The reformed bank robber wants the law changed to make it easier for ex-cons to get jobs and access higher education

A Trinity graduate who robbed 16 banks more than a decade ago has called for changes in the law to give reformed criminals easier access to education and employment once they leave prison.

ohn O’Hegarty, 49, who served six years in prison in 2004 for a series of bank robberies, has spoken of his struggle to reintegrate into society since his release in 2010.

Mr O’Hegarty, who turned to crime after his crack cocaine addiction, has turned his life upside down and now runs a gym in Bray.

“I served my time in prison plus another four years of strict probation after my release, and to this day my previous convictions prevent me from doing certain things.

“I had no access to educational courses and jobs.

“There is no point in time when my convictions will be overturned,” he said.

Under current law, a person can have a single conviction overturned after seven years, so long as they have been sentenced to a maximum of one year imprisonment or two years imprisonment.

If a person has two or more such beliefs, none can be expended.

A 2018 bill, currently before the Oireachtas, would increase the prison sentence to 24 months and the non-custodial sentence to 48.

Some have argued that Ireland is lagging behind other countries. In Germany, for example, there is no limit to the number of convictions that can be served after a certain period of time.

Mr O’Hegarty was 33 when he was jailed for a series of bank robberies in Ranelagh, Stillorgan and Ballsbridge. He has been called ‘Dublin’s most polite bank robber’ because he didn’t use the aggressive language normally associated with bank robbers. He stole more than 50,000 euros and was sentenced to four years in prison for his crimes. The term was later challenged by the DPP and increased to 12 years.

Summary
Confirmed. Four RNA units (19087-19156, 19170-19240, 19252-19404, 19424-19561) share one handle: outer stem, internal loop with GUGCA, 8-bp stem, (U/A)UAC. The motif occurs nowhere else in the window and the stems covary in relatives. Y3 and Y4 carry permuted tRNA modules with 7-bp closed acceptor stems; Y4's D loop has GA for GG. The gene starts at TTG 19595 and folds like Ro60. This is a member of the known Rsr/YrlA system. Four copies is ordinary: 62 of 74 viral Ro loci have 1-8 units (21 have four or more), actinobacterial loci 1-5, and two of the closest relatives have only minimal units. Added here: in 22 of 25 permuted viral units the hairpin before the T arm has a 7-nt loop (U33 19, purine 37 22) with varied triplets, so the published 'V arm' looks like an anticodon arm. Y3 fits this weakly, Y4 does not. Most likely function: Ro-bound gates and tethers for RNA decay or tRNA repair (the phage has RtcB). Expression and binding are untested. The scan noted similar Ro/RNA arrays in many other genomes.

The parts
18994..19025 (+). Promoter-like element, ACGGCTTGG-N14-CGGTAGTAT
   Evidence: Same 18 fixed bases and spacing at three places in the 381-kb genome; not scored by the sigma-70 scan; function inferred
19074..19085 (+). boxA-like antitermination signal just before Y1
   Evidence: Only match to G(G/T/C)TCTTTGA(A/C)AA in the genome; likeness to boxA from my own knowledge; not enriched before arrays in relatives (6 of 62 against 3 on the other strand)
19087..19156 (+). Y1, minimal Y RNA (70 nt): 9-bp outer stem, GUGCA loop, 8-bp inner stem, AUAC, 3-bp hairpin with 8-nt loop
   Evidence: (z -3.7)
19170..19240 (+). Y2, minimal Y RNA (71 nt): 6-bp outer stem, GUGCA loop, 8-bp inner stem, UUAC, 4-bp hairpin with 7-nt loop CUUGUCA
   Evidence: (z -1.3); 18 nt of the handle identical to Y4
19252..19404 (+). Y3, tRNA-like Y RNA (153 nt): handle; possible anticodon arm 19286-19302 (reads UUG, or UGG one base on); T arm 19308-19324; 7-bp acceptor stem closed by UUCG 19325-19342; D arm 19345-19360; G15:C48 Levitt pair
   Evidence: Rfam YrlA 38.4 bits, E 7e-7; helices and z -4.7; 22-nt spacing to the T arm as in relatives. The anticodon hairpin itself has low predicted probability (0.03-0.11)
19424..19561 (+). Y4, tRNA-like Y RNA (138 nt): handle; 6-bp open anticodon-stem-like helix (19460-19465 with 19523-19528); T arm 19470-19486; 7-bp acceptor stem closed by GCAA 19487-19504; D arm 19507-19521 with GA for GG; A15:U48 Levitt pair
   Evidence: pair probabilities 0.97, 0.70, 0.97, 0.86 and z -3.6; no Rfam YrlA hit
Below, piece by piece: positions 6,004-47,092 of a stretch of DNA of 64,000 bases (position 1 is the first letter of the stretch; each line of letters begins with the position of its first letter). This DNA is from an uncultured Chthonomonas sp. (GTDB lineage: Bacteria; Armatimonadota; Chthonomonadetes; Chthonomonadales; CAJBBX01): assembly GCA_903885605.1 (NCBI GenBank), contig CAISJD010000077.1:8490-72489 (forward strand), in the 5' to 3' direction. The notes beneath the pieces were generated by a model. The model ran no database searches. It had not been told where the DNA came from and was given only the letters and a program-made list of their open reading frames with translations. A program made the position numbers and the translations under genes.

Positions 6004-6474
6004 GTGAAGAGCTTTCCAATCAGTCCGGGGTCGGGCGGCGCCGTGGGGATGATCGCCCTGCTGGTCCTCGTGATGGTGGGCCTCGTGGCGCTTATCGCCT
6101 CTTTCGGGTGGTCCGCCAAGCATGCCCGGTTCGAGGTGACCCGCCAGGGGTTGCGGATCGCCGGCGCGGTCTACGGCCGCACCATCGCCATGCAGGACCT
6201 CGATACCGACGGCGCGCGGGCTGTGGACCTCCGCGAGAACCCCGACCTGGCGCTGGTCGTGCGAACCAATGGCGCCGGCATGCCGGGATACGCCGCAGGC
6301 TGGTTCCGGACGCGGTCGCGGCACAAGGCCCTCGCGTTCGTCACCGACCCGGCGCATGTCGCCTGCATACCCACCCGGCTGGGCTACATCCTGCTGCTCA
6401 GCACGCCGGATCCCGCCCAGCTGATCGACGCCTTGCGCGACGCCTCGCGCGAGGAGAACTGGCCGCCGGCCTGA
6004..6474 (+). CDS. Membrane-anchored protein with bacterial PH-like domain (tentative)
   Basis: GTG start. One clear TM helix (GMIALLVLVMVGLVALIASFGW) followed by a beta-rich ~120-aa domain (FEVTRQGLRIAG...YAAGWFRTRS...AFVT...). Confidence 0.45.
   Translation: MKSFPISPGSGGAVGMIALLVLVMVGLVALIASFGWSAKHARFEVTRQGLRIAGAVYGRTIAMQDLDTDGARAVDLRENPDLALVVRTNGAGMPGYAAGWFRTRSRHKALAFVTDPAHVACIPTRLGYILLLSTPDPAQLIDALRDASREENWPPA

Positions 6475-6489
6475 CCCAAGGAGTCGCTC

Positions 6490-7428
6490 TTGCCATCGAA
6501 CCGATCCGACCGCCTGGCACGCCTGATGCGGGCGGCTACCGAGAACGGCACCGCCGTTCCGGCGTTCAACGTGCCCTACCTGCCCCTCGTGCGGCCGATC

At the time of his conviction he had a degree in journalism, a bachelor’s degree in philosophy and a master’s degree in psychoanalytic studies from Trinity College Dublin.

On his release, Mr O’Hegarty said he was struggling to find employment and was unable to access college courses.

“I understand the seriousness of the crimes I committed,” he said. “I take responsibility for what I did and I’ve served my time as punishment. I have the feeling that the system does not see this as sufficient.”

He said he would like a “case-by-case” approach for reformed criminals looking for work and education.

“If you set yourself up after release and hit the ground running, you have a much better chance,” he said.

“You have to explain your beliefs when you apply for a job.

“If you don’t introduce them, you’re breaking the law, and not only that, if it shows up later you’re out the door.

“I’ve always been inclined to involve them, but then you don’t hear anything back, so you can’t win. Laws could be introduced that would help.” The reformed bank robber wants the law changed to make it easier for ex-cons to get jobs and access higher education

Fry Electronics Team

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